Seventies feminism in Australia

Early days of Feminism

Sydney 1975

It was the best of times, it was the worst of times…

The 1970s were a time of great change in Australia. This post is based on my memories of that time, and the beginning of the Women’s Movement in Sydney, Australia.

By 1972, the fledgling beginnings of a feminist movement were evident in Australia. It had started, like many such reform movements, by intellectuals and radicals within university campuses; it was triggered, also, by media accounts at that time.

And then there was “The Female Eunuch”.

Germaine Greer

I was 27 when the book came out and she, Germaine Greer, won me over totally. Up until then, my only contact with radical women’s libbers, had been at university,  where they were often loud and raucous voices raised against the status quo and men in general. Here was this unbelievably beautiful young woman with intelligence and wit, who was talking openly about sex. How could I not be influenced?

I knew about the earlier First Wave feminists, the brave suffragettes who faced the ire of their husbands and of the establishment, often facing prison sentences and social ostracism for their views.


The Female Eunuch was not a political book, but a call to women to take part on the world stage, and to live brighter, braver lives.

If she was not political enough for some, for others, like me, her book was a talisman, pointing us on the path towards change.

On 2 December 1972,  Australia went to the polls,  and elected a new party, headed by Gough Whitlam, a reformer. Probably the only real, amazing reformer on the Australian political scene. He brought in laws that promoted the arts in Australia, and brought us into the modern era on so many fronts.  He also helped the Women’s cause, one of the forward-reaching steps being blame-free divorce laws. The best of times, politically speaking, although short-lived, were about to begin…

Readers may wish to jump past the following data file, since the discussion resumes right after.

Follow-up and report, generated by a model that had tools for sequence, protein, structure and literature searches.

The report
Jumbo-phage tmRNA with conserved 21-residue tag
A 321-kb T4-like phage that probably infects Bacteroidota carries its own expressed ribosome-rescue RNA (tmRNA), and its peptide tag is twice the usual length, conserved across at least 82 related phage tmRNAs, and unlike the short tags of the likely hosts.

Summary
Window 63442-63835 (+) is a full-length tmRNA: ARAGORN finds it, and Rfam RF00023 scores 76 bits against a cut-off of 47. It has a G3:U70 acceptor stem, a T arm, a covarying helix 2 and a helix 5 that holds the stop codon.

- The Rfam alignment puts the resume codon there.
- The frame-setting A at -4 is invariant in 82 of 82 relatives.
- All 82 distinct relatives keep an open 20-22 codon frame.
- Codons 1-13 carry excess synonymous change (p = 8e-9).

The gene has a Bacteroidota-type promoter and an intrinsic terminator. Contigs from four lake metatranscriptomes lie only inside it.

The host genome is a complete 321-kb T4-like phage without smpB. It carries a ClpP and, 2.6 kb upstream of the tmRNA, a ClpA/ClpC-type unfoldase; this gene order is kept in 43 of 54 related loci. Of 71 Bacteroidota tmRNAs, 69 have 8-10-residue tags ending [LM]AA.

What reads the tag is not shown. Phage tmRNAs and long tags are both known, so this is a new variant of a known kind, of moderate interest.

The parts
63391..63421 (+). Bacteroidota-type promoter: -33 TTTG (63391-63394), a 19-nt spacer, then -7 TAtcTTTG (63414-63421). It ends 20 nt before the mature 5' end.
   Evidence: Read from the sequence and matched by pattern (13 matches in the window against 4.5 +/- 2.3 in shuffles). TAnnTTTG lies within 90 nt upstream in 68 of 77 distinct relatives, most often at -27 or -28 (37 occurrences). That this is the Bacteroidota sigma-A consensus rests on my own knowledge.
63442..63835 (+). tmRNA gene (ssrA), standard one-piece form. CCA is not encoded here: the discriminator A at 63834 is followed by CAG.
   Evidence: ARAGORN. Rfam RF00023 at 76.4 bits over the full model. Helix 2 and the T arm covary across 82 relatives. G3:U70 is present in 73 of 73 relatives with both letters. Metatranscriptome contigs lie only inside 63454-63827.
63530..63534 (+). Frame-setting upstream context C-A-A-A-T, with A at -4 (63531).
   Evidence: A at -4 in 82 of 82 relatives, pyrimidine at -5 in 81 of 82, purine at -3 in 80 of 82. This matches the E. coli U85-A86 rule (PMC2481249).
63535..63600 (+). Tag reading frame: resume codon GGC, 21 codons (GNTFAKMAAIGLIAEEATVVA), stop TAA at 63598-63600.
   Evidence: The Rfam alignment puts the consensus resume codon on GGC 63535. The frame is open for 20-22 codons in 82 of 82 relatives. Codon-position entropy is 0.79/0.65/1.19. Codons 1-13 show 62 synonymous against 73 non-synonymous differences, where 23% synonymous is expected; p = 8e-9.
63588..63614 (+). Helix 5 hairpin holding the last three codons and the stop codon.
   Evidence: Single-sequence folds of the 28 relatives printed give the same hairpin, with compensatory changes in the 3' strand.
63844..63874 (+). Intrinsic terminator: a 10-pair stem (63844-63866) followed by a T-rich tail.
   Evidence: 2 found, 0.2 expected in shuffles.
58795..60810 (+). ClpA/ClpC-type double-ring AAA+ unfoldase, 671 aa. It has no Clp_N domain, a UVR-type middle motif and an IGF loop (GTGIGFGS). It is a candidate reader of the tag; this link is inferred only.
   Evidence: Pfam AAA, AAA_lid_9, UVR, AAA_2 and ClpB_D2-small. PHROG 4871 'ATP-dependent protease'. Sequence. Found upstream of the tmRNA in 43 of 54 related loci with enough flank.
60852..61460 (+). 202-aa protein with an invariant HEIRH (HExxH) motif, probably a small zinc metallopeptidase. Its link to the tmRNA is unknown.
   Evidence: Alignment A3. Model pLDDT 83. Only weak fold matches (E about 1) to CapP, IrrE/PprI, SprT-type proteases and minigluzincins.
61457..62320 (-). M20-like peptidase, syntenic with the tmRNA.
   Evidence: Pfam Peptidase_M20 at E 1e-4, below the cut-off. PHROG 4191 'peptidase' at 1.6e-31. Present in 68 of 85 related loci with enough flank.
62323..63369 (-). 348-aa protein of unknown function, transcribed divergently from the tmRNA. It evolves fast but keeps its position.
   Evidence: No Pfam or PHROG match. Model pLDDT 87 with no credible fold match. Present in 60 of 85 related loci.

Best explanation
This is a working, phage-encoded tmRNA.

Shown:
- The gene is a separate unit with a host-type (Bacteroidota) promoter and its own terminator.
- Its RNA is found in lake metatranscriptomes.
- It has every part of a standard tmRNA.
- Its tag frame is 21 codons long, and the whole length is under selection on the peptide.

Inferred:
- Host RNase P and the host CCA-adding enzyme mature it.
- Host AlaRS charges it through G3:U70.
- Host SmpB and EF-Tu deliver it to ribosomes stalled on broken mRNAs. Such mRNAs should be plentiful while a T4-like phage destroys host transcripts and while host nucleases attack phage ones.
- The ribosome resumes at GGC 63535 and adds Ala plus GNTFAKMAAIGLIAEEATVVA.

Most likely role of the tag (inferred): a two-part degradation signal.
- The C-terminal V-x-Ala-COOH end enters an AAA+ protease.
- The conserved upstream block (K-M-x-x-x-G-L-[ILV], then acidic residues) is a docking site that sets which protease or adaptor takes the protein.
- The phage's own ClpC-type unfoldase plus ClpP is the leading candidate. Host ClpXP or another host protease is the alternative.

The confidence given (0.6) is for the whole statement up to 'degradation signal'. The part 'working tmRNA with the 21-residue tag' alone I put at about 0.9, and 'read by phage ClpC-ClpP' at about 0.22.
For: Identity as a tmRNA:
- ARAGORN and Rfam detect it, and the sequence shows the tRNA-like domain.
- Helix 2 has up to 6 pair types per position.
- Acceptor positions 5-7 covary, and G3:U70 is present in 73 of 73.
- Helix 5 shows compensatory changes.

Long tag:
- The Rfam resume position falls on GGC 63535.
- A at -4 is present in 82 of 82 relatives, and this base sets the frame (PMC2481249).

For me, being a Feminist was all about choosing your own path. I’d been against the idea of marriage, because of my parents’ conflicted one. I’d already tried having an  adventurous journey or two, living in France for four years as a student during the 1968 Student/Workers Revolution in Paris.  And I’d travelled with a girlfriend from Paris into the Ukraine during the Cold War years. I was now ready to take, for me, a courageous step: getting married. It was my turn to try my hand at parenting, to see if I would be any better at it than my own mother had been. By this time, you see, I desperately wanted to have a baby, and I’d fallen in love at the ripe old age of thirty-one. But this would entail another journey, an inner one this time, during which I would need to face my fears and trauma from the past—from my upbringing— that were holding me back emotionally.

Gough Whitlam

Gough Whitlam (Photo credit: Wikipedia)The best of times, politically speaking, although short-lived, were about to begin…

English: One of the symbols of German Women's ...

English: One of the symbols of German Women’s movement (from the 1970s) Deutsch: Ein Logo der deutschen Frauenbewegung (aus den 70er Jahren) (Photo credit: Wikipedia)

8 thoughts on “Seventies feminism in Australia

    • Yes, and I’m sure your journey was similar in some ways, influenced by the changing times. So, hopefully our daughters will have a different road to take, perhaps not easier, but victorious in the end.


  1. Totally agree with you, Anne. I also marched for Women’s Liberation in the early seventies. with two babies in tow. Their father came along to help with the children, but was booed out of the march because he was a man! We’ve come a long way since those days, but still have eons to go. I loved ‘the Female Eunuch’, and it changed my life, probably contributing to the demise of my marriage, which I now deeply regret. We all made sacrifices then, so that our daughters and sons both, could enjoy true gender equality in their lives now. And I thank Gough for my education under his newly introduces ‘NEAT’ scheme which gave women like me with limited means and interrupted education the chance to get professional qualifications. Vale Gough.

    Liked by 1 person

  2. They were exciting times, Anne.I didn’t join the women’s liberation but by then i had three beautiful daughters and an extraordinary wife. I would have burnt my bra for them! As St Ursula said:
    “If you educate a man, you educate one.
    Educate a woman and you educate a family.”
    So true.

    Liked by 1 person

    • Love that, Roger. It’s all about the personal journey, neither right nor wrong. It was just time then for things to change. They’re still going on changing now.


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